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Over the past two months, few Americans have dined out, but many have dined in on takeout from a local restaurant.
One reason for treating yourself to takeout, of course, is to spice up the lockdown diet.
Another reason many people order food is to help that favorite restaurant, and its employees, keep going until it can reopen its doors to normal business.
Imagine if you could support the restaurant with more than just your thanks and purchase of a pizza.
Imagine if, instead, you could demonstrate your belief in the long-term viability and success of your favorite local small business by investing in it.
Securities crowdfunding allows you to do just that and temporary changes in the crowdfunding rules aim to make it a more effective tool in this crisis.
As COVID-19 has swept the nation, our small businesses have responded with typical American grit, ingenuity, and perseverance in the face of the resulting economic shock. They have used creative means to keep their workers employed and their customers and communities served.
Now, more than ever, our reliance on small businesses is staggeringly evident. The COVID-19 crisis, however, is testing the strength of these pillars of our communities. The financial stress on many small businesses stems directly from the disease and the government’s and society’s response to it, not from underlying weaknesses in those businesses.
Recognizing that small businesses are suffering through no fault of their own, communities and governments have offered lifelines.
Perhaps most notably, the federal government has allowed $659 billion in loans through the Paycheck Protection Program. State and local governments have established their own loan programs.
Many small businesses have focused their efforts in recent weeks on securing these loans. Others have turned to their communities for help through online fundraising.
A recent search of GoFundMe turned up over 13,000 COVID-19 fundraisers. Less formal rescue programs have emerged too. In one heartening example, a man walked into an Ohio donut shop and paid $1,000 for a single custard-filled donut.
To supplement these loans and generous donations, many small businesses will need to look elsewhere. One place they can turn to is our vibrant capital markets.
Getting through the COVID-19 crisis with the help of investors, rather than lenders, has some real advantages. Investors in a small business are partners in its long-term vision. Businesses can obtain funding through the capital markets on terms and in amounts that are tailored to their unique needs.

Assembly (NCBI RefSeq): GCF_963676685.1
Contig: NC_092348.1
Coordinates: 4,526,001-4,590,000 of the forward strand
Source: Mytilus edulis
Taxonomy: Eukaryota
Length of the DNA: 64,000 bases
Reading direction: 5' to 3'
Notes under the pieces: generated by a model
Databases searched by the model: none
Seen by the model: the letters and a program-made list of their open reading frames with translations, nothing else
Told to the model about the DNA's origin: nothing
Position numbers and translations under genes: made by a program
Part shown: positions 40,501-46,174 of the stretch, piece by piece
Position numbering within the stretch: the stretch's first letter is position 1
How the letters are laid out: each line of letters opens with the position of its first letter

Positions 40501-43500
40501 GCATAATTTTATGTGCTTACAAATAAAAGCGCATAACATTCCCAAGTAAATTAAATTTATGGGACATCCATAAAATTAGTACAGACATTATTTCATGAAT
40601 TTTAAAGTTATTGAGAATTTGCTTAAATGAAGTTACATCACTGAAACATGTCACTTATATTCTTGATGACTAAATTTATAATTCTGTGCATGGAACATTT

The securities laws offer a number of different routes—including intrastate offerings and Regulation D offerings—for raising money quickly without going through a lengthy registration process. Another relatively recent addition to the options for small businesses is securities crowdfunding, by which businesses raised on average approximately $214,000 through offerings over the past few years, slightly more than the average first-round PPP loan of $206,000.
Crowdfunding is particularly well-suited for local small businesses in these difficult times.
Crowdfunding draws on the wisdom of the crowd.
People have deep knowledge about the communities in which they live and the businesses that serve those communities.
They know which businesses were doing well before the crisis and which will likely succeed in its aftermath.
Armed with such personal experience of these businesses’ strengths and weaknesses, they are particularly well-suited to invest in them. But they may not be wealthy enough to qualify as accredited investors, which is a requirement for participation in some other types of offerings.
To make crowdfunding even more useful for businesses looking for immediate help, we at the U.S. Securities and Exchange Commission have temporarily amended the regulation that governs crowdfunding.
These amendments shorten the time it takes for businesses to get funds and simplify the paperwork required to do so. Additional provisions protect investors from bad actors, who might otherwise seek to use the temporary relief to take advantage of investors eager to help struggling businesses.
Next time you call or log on to order some comfort food, you also could be a part-owner of the restaurant’s future.
As we look to that future, we and our colleagues at the SEC will be using our experience from this crisis to think about whether we need to make any permanent changes to our rules to better support our nation’s resilient economy and the equally resilient people who depend on it.
Hester M. Peirce is an SEC Commissioner.
Elad L. Roisman is an SEC Commissioner.